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A wonderful career


A wonderful career
John Altman - Remembering Woolf Phillips
The bizarre story

Photo by Baron (used with permission)

Immaculate—that’s the Woolf Phillips Orchestra. Presentation, technique, swing, relaxation, ensemble playing, section work, musical subtleties, dynamics were all immaculate. Of course, the acoustics of Manchester’s Free Trade Hall are perfect for an orchestra of this size. There was a beautifully integrated sound about this 19-piece orchestra. All the boys are soloists in their own right. It’s a pity Mr. Phillips doesn’t bring this group to Manchester more often, for here is one Woolf I wouldn’t keep away from my door. Alan Stevens

Woolf Phillips now lives the life of a gentleman—way way out in the San Fernando Valley where it’s bloody hot. But when Milton Berle and Donald O’Connor play Las Vegas Woolfie always goes to conduct for them—recording work and broadcasting. Howard Lucraft

The Skyrockets, however, became the super pit band of the London Palladium, directed first by Paul Fenhoulet and later by Woolf Phillips. This was the band which, in 1949, accompanied Benny Goodman for his first ever performances in Britain and surprised the maestro by its enormously high standard of efficiency and understanding of the jazz idiom. Three of the regular members were Les Lambert, Reg Sergeant (Drums) and Pat Dodd (Piano). For broadcasts they augmented with Laddy Busby, and Woolf Phillips (Trombones), or any other musician that became available. For instance, they sometimes used George Fierstone on drums, who had been medically rejected for the Services. They dressed him up in a Corporal’s uniform when no one was looking. “You’re damn lucky” they told him, “you’ve got more stripes than anyone!” Tony Harrison

It is very difficult to summarise all of Woolf's wonderful career. It began with his working as an arranger/writer with several music publishers. It continued with his playing trombone and arranging in many British Big Bands.

During WW2, he served as a trombone soloist and conductor with an Army orchestra. Subsequently, he worked with the Ted Heath orchestra before forming his own band for an extended engagement at the famed London Palladium. He has appeared with more artists and stars than we can mention here, including Tony Martin, Lena Horne, Dinah Shore, Judy Garland, Donald O'Connor, Danny Thomas, Frank Sinatra, Bob Hope, Sammy Davis, Jr, and a host of others. He has conducted Six Royal Command Performances before the Queen and Philip, Duke of Edinburgh. In addition to performing on Radio and Television, he has conducted orchestras in all genres of music from Symphonies to Jazz. He is the Artistic and Music Director for the Camarillo Symphony Orchestra. He has even written advertising jingles for radio and TV.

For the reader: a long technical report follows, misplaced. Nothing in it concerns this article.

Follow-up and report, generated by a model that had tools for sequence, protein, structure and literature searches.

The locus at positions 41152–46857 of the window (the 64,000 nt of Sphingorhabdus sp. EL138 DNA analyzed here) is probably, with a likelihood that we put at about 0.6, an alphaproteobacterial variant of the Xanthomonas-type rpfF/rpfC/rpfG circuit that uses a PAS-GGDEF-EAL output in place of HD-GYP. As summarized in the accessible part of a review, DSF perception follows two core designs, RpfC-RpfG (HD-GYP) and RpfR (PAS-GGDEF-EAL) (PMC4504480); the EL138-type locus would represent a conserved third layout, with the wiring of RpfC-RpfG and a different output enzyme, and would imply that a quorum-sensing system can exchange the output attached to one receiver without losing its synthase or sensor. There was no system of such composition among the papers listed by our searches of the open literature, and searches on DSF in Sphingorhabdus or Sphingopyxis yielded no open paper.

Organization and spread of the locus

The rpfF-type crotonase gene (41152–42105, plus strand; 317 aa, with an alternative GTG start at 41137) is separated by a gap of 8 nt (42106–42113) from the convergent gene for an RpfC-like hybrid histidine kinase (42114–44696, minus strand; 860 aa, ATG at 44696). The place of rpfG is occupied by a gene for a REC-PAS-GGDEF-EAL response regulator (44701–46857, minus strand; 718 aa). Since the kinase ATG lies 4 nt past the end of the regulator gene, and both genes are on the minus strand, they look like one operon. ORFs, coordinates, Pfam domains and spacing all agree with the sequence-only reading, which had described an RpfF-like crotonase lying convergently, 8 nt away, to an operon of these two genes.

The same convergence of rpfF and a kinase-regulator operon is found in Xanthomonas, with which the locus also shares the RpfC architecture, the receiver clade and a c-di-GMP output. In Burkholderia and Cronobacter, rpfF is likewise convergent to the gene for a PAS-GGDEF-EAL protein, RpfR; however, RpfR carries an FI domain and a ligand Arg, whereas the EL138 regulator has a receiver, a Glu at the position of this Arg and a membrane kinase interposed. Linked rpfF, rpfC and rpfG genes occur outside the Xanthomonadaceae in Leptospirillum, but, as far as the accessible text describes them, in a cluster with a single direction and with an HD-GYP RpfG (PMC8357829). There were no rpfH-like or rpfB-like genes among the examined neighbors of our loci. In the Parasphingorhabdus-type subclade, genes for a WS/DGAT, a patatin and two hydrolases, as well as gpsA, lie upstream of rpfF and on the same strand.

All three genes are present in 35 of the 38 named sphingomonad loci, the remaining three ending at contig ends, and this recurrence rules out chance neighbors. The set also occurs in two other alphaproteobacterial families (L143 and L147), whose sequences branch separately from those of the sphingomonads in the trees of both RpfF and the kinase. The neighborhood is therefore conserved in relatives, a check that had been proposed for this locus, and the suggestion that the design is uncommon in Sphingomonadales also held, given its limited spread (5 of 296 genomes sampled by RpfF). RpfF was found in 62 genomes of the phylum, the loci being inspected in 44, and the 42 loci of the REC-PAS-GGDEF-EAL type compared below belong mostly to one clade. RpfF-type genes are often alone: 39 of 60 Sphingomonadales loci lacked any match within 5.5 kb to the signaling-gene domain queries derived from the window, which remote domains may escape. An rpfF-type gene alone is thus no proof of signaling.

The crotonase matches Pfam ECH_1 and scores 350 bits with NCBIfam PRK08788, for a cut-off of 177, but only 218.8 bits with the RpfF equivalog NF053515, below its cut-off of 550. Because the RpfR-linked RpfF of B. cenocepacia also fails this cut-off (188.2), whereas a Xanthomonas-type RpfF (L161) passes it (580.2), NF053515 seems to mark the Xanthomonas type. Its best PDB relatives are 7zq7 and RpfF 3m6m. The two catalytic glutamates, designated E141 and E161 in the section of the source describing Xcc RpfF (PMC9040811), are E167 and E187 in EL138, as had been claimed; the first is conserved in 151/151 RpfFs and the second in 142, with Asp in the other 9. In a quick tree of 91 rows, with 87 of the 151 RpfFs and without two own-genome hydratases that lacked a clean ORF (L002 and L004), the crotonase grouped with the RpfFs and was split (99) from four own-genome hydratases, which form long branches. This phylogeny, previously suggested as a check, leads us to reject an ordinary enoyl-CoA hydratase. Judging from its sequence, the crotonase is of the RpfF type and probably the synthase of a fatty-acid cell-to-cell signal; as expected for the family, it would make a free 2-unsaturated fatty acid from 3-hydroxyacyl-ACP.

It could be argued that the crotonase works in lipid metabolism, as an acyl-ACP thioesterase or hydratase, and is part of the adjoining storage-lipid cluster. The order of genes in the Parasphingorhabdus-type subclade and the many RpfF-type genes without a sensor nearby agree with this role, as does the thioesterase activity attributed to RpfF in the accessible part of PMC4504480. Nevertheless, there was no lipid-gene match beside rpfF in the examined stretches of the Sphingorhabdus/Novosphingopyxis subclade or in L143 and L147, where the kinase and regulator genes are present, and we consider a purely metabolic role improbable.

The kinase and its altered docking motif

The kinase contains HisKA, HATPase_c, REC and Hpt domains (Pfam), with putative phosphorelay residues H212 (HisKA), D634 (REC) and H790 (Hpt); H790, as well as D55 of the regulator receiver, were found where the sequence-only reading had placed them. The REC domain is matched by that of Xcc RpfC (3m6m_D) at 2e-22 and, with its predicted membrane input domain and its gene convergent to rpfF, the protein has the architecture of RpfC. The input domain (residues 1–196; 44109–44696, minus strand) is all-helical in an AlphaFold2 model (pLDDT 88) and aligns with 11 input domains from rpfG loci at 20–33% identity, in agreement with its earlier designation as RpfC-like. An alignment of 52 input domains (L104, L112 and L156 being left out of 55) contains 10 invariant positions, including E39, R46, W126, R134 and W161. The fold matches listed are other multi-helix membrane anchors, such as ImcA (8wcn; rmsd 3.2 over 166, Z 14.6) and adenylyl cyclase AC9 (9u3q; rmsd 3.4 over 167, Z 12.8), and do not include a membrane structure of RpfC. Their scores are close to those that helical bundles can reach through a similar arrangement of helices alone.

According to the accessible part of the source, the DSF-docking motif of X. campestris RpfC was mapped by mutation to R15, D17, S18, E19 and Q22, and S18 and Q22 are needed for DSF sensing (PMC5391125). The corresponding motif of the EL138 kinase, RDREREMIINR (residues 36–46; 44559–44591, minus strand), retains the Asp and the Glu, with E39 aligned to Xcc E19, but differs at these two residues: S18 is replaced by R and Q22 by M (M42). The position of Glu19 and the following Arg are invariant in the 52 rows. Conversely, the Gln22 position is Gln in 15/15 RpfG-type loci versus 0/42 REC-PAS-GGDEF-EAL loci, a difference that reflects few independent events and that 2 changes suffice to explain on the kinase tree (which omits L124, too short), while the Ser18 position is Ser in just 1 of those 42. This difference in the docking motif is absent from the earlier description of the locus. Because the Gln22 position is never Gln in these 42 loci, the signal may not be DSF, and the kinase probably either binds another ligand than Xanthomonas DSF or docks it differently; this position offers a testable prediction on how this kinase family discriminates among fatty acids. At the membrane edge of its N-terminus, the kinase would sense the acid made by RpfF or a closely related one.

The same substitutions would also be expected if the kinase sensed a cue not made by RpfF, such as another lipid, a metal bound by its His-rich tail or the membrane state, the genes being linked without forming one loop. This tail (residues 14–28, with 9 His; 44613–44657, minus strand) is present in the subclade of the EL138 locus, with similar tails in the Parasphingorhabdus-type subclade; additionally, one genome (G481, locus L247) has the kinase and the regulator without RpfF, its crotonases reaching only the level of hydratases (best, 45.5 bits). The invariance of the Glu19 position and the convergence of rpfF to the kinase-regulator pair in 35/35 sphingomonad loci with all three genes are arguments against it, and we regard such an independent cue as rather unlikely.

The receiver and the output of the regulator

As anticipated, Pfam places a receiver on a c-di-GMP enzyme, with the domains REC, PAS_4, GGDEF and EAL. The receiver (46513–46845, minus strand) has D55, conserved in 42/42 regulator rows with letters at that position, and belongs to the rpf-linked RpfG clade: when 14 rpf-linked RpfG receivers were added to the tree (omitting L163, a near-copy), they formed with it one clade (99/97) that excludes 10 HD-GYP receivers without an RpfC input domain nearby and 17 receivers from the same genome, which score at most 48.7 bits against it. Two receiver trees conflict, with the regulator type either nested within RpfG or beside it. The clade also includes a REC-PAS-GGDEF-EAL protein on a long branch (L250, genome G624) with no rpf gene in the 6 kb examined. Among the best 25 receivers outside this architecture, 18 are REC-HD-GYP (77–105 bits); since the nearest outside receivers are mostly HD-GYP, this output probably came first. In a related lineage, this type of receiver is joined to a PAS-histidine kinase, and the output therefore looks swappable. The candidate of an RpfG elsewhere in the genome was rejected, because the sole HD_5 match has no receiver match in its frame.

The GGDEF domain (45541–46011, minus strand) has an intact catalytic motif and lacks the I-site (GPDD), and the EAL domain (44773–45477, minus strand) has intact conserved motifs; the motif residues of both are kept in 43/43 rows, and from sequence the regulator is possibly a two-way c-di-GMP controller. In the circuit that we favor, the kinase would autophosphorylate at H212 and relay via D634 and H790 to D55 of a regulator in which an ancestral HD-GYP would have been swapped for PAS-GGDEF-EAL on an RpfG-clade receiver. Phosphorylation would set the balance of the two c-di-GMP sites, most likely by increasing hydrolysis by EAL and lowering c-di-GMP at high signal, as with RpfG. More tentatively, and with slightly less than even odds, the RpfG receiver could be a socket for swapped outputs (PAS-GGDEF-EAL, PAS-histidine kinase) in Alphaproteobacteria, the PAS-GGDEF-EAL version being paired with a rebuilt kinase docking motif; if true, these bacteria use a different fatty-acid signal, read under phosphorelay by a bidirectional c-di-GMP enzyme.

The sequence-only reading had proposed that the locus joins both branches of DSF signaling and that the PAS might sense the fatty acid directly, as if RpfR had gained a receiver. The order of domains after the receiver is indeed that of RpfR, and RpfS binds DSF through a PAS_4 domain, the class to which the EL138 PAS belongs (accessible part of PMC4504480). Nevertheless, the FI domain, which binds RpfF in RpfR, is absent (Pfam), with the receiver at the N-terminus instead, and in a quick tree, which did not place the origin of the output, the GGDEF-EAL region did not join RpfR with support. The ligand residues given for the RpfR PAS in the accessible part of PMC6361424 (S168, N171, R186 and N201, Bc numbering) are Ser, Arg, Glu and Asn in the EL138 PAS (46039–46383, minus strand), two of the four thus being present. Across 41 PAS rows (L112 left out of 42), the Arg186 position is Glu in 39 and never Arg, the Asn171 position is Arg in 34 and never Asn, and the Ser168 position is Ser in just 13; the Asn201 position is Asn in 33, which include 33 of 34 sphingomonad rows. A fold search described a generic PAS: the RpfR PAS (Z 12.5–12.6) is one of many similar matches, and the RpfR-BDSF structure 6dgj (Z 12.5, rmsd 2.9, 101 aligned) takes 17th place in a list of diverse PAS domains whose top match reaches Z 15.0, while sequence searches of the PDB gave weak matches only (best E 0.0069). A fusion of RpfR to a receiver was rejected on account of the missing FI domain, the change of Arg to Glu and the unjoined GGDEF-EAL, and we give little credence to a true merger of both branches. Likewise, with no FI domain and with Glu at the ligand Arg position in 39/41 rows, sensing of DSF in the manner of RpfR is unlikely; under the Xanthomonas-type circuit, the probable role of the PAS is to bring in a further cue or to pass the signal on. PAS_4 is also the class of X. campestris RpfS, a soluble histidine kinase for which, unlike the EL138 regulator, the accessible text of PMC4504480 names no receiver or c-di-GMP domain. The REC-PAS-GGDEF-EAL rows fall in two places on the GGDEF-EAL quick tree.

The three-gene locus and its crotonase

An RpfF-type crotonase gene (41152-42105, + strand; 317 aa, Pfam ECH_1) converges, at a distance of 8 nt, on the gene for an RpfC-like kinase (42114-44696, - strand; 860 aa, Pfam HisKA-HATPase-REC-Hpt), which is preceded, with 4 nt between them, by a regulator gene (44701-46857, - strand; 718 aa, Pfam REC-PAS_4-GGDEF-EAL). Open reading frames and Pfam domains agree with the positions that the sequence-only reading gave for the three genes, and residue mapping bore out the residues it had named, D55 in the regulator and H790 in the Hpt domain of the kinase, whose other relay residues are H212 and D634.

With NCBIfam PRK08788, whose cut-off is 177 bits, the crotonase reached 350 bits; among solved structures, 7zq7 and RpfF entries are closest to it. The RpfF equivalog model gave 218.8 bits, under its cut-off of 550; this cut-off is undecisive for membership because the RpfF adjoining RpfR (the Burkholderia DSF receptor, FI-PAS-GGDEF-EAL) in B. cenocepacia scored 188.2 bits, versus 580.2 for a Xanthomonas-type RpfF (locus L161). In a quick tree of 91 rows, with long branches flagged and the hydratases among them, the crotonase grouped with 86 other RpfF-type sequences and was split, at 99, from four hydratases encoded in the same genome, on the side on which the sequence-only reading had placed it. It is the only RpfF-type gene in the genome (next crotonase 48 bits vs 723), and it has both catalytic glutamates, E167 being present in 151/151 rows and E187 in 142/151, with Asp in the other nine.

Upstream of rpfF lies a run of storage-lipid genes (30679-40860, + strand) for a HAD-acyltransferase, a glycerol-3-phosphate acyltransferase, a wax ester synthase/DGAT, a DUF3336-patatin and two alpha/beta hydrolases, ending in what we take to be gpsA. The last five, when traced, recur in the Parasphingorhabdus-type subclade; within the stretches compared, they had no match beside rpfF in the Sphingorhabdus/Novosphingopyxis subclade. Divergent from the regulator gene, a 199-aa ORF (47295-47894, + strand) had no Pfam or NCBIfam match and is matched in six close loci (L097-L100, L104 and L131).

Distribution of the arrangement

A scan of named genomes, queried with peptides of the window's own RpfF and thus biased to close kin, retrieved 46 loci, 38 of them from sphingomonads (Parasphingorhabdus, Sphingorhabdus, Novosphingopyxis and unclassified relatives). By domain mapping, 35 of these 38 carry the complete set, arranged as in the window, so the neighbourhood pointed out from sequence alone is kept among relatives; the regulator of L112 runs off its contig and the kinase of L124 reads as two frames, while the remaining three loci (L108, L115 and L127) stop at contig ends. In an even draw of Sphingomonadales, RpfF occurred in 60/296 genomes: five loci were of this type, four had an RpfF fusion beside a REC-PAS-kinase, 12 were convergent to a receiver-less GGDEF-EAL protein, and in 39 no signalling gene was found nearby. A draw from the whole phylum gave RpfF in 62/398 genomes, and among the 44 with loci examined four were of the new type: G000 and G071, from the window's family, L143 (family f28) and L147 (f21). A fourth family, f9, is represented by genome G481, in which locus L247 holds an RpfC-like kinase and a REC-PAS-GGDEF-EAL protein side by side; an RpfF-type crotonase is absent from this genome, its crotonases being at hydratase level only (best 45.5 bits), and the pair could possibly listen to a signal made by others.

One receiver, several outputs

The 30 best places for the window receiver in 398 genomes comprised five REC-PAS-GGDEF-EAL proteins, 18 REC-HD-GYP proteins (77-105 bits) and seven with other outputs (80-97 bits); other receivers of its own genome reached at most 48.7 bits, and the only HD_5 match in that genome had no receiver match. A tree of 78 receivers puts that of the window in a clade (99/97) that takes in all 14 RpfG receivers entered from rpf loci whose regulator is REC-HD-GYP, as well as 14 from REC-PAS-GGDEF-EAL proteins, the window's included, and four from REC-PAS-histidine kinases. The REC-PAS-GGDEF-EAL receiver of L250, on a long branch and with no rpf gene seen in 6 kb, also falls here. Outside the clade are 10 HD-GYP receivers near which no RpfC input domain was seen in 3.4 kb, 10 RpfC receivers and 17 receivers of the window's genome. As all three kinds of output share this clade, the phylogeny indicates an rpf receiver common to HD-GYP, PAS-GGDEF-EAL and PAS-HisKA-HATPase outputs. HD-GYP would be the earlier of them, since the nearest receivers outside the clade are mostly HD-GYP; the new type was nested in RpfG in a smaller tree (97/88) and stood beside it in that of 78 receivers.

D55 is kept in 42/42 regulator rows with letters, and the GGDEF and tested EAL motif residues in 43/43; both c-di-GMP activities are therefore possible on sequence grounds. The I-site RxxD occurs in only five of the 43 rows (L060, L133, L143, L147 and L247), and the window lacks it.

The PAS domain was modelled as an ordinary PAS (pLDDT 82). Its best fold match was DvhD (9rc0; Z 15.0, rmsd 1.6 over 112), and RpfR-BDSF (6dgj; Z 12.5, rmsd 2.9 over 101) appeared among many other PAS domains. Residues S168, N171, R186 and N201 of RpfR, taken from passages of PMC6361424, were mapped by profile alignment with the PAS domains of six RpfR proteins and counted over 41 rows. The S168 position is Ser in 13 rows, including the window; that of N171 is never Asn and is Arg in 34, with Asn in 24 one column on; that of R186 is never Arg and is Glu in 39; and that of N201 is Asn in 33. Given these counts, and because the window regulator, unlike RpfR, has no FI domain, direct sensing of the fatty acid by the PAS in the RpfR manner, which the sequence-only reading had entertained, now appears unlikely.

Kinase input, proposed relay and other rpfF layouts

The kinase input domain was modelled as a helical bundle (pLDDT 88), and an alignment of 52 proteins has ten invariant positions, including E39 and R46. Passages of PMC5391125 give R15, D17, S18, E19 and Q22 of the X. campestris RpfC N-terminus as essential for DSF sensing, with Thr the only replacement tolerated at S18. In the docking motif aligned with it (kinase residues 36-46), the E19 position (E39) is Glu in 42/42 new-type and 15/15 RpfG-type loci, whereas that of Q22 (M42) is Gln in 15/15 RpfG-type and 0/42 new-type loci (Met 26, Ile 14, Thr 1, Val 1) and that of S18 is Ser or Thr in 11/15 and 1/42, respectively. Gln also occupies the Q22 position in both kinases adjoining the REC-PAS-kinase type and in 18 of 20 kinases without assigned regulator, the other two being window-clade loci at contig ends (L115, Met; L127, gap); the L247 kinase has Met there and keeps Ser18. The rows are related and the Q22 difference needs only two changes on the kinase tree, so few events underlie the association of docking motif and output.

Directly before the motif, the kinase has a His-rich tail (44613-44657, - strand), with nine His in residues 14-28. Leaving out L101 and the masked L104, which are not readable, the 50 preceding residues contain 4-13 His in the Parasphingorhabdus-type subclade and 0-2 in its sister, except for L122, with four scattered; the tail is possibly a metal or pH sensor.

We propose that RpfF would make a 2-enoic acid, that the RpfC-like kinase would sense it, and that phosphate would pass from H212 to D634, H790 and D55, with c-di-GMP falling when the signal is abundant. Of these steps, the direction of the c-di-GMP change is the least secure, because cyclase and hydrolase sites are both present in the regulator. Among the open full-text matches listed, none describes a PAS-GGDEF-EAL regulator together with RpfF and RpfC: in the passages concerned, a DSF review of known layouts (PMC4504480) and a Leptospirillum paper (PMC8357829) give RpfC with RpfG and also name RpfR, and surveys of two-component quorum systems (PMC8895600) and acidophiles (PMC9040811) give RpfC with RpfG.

Woolf comes from a musical family of 4 brothers, Ralph, Harry, Sid, and himself. He started studying the piano when he was just 5 or 6 years old. When he was 14, he began to study the trombone under Tony Thorpe, one of the Ambrose Orchestra's trombone trio (the others were Lew Davis and Ted Heath).

As a child, he attended the MileEnd Central Foundation School and became their best Cricketer. (His older brother Sid, would take him to lessons at Aubrey Faulkner's Cricket School and, they both have remained life-long Cricket enthusiasts. In 1934, Woolf played Cricket with Harry Roy, and they became good friends.) When he was only 13, Woolf had his first "professional" job when he, and his brothers Ralph and Harry played in a band for a one-night engagement in the Ballroom at Lord Rothchild's mansion. (Woolf played Tenor Sax.)

It is probably correct to say that Woolf's career started when he worked as a writer/arranger in both the Lawrence Wright and Campbell Connelly Music Publishing companies. After that, at age 16, he got his first orchestral job, as trombonist, with the Teddy Joyce Juvenile band, touring theatres and cinemas throughout England Woolf left Joyce and joined the Ambrose Orchestra, then called the "Ambrose Orchestra conducted by Evelyn Dall". Evelyn, a blond bombshell was fronting the band. Ambrose stayed in the wings and didn't appear on stage. After that particular tour of Moss Empires, he again worked with Ambrose at the Cafe de Paris, just before war broke out, again near the end of the war, and at Ciro's, after war ended.

It should be noted that as a writer/arranger, Woolf invariably conducted at rehearsals, with such people as Joe Loss (1935), Harry Roy (1941-'43) —leading the band through more than one complete broadcast while Harry did the vocals— Ted Heath ('42-'45), Ambrose (1945), and Geraldo ('45-'46). He joined Geraldo as an arranger. Wally Stott, Bob Farnon and Woolf were the band's arrangers. Woolf has written that there was a program called Romance and Rhythm, with a choir and a big orchestra (Geraldo's). One night their guest was to be Irving Berlin.
       "I did a big thing for that, and this particular night they had Irving Berlin as the
       guest, which was marvelous. I started writing on the Monday and by Thursday I couldn't
       see straight! I had done about 268 pages of score with the choir, singers and so on,
       and, at the end of it, Irving Berlin came over to me and he said, "I must Congratulate you
       Sir". He called me Sir - thank you - I was 25!"